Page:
Want a surefire way to know what blog posts your readers are enjoying the most? Check out your top pages. You can also look at how many users and pageviews each of your top blog posts has had, as well as how long each user spent on the page of the post.

Time on page

This is one of the most interesting metrics out there. It’s all well and good if you’re getting lots of visitors to your blog. But if they’re only spending 10 seconds on a post, is it that great?

You’ll always have some low time on page metrics, but there are lots of ways you can improve it too (hint hint: formatting!)


This is a metric I’ve only recently started looking at. I probably won’t mention it too much, but let’s just say since I discovered most of my audience are in the US, it’s made me change the time I publish my blog posts.

So now you know what we’re measuring, let’s get into January’s stats.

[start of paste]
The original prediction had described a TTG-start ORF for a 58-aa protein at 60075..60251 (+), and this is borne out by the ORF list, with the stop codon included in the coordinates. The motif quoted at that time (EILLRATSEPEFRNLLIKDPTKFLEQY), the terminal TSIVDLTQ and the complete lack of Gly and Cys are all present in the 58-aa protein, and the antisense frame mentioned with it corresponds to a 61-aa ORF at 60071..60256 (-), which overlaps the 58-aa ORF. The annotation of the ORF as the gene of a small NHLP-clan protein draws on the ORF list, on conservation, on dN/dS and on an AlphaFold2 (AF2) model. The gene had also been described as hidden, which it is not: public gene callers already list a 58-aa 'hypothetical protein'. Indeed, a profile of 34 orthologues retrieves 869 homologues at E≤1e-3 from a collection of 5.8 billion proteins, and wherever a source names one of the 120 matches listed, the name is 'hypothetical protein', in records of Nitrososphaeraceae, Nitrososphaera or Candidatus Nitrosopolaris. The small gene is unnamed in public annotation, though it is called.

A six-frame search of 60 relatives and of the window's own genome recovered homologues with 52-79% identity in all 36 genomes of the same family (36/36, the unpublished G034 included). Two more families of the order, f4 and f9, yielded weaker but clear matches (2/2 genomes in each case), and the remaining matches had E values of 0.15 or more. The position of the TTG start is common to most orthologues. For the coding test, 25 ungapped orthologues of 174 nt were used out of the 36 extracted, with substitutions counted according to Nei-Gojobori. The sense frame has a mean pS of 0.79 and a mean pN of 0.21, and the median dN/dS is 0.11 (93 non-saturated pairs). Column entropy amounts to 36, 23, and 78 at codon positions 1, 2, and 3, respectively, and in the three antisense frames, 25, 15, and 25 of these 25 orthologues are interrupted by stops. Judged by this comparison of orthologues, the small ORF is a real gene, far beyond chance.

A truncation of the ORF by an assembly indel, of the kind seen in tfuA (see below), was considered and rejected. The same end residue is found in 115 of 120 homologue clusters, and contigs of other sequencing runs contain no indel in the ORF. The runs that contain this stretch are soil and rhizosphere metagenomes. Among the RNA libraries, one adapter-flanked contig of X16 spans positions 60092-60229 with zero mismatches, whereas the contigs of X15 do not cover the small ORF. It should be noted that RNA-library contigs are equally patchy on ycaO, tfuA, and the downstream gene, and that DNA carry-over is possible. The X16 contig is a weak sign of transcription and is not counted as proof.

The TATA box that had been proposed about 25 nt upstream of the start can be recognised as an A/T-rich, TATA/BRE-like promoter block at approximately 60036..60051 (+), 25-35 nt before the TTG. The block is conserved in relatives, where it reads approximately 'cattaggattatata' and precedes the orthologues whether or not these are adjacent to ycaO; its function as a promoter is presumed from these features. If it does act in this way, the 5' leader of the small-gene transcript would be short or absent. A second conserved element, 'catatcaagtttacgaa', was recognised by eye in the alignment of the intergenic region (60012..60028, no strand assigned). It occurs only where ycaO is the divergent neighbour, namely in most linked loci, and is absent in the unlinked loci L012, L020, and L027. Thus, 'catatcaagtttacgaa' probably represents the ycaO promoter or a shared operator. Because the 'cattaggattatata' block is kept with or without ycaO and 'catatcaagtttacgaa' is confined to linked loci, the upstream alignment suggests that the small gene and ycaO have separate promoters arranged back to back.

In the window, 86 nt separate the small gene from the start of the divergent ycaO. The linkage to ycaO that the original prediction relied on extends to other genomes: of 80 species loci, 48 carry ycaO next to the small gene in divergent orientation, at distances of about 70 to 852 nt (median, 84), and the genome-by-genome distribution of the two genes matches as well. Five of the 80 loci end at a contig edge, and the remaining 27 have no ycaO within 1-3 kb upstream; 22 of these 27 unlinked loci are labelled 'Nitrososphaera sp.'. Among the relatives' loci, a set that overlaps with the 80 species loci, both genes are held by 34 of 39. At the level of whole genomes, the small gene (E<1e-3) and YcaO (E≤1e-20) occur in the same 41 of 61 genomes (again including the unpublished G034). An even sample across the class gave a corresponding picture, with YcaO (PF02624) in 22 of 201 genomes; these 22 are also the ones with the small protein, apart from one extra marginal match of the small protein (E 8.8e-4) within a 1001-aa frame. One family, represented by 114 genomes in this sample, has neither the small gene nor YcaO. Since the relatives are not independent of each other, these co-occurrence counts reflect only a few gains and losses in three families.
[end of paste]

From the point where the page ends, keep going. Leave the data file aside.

website traffic jan 2018

What’s working?

January has been a really good month for ABOH in terms of the stats shown in this screenshot. My users, sessions and pageviews have all increased again and I couldn’t be happier.

I think the biggest reason for this increase has been because of the introduction of my new content strategy and how consistent I’ve been with it. It was a lot of preparation, but this just goes to show that it pays off!

What needs improving?

While my bounce rate has decreased slightly, it’s still very high. But my average time on page is very impressive, so I’m not overally worried about this, but I definitely need to work on lowering it even more over the next few months.

Your takeaway

Your content is everything. If you’re producing high quality content and promoting it well, these stats will increase month on month.

website traffic jan 2018 2

What’s working?